Knowing how parts of nature interact in time and space is critical to our understanding of sustainability. Ecologist Tim Ehlinger looks at our interaction with the land from our first arrival on the continent: trapping, logging, farming, industrialization, urbanization, and suburbia. Through demonstrations he traces human behavior and how it has, and continues, to modify our environment. He builds a “beaver dam” and has “rain” fall on a farmyard and an urban development to show the enormous difference in rainwater retention. Meeting our needs without jeopardizing those of future generations is the theme throughout this look at sustainability.
Carmen Aguilar and Russell Cuhel — Quagga mussels seem like invaders from another planet. Are they going to crush the historic wrecked ships on the bottom of Lake Michigan with all their bodies and shells? How did they wipe out the zebra mussels in such a short time? Are they stronger? Learn about the most ravaging invader Lake Michigan has ever seen!
The “mystery” of urban air is stripped away in this lively video. With clarity and delight, chemistry professor Thomas Holme looks at each of the components of air — nitrogen, oxygen, water, argon, and “other” — and demonstrates how, and under what conditions, they combine with volatile organic chemicals (VOCs) to form pollution.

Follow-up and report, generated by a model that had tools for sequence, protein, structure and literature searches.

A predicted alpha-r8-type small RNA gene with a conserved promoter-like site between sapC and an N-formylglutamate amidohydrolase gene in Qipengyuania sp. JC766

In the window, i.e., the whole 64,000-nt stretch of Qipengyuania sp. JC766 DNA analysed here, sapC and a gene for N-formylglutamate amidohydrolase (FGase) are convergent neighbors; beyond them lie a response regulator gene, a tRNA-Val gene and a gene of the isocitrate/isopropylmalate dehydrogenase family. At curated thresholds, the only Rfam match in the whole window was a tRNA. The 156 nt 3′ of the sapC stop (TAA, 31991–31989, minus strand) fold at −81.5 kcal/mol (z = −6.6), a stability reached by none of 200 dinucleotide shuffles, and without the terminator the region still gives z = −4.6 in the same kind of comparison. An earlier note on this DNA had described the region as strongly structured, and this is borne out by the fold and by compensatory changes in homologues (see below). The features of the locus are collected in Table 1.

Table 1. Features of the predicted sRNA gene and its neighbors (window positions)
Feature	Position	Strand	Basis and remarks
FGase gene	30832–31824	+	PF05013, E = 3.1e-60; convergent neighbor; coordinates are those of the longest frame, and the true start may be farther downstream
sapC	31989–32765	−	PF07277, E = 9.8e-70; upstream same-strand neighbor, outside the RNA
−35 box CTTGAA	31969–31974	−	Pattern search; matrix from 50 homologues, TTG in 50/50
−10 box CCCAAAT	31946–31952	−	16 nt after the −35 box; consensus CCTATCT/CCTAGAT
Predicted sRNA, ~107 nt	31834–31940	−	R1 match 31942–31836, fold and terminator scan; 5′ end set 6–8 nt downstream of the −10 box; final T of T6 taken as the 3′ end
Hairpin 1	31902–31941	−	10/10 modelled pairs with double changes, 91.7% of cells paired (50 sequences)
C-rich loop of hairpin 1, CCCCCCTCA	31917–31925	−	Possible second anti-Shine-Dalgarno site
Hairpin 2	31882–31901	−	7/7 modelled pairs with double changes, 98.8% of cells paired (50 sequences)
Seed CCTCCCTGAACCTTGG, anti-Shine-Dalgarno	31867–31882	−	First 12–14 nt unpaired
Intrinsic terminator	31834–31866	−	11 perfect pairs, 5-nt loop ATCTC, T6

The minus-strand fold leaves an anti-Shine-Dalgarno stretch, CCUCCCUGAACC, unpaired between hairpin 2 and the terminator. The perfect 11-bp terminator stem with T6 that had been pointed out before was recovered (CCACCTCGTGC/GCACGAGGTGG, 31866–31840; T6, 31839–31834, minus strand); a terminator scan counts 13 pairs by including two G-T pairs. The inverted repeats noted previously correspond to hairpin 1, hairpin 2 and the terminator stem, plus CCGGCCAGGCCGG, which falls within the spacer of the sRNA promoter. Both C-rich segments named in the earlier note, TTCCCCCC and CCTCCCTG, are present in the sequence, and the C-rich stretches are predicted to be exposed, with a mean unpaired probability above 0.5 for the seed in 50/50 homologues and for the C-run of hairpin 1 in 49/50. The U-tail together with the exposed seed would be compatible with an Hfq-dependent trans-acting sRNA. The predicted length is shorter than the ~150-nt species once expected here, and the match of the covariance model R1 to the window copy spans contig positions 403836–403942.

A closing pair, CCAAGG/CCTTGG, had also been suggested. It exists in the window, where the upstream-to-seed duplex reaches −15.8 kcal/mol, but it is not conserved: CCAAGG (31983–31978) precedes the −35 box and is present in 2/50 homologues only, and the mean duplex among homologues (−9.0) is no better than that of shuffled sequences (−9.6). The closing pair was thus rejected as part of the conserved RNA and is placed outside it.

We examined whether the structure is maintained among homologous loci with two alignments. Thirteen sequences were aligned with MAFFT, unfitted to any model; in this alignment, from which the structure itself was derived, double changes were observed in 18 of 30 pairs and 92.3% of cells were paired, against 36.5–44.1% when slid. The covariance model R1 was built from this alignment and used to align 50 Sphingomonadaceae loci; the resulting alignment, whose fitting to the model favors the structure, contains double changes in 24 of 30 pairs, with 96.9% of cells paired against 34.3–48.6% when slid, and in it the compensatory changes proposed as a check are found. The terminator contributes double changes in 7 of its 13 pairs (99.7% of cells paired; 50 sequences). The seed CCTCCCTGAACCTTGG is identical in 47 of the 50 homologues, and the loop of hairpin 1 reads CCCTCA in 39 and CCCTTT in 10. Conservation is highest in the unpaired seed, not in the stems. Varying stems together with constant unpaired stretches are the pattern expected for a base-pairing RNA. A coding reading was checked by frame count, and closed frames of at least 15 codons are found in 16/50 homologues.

Biologist Arthur Brooks in this lecture highlights the interplay of human activity and its impact on the Great Lakes ecosystem over a 200-year period. Utilizing diagrams and high-speed photography, Professor Brooks also discusses the food web of the Great Lakes and gives numerous examples of how exotic species alter the balance within an ecosystem.
Arthur Brooks engages the audience in a skillful and fast-paced mix of discussion and demonstration. He begins with a detailed examination of the chemistry of water, using charts, diagrams, and styrofoam models. His demonstrations include a miniature recreation of the Hindenburg explosion, how salt acts on roads in the winter, and many more.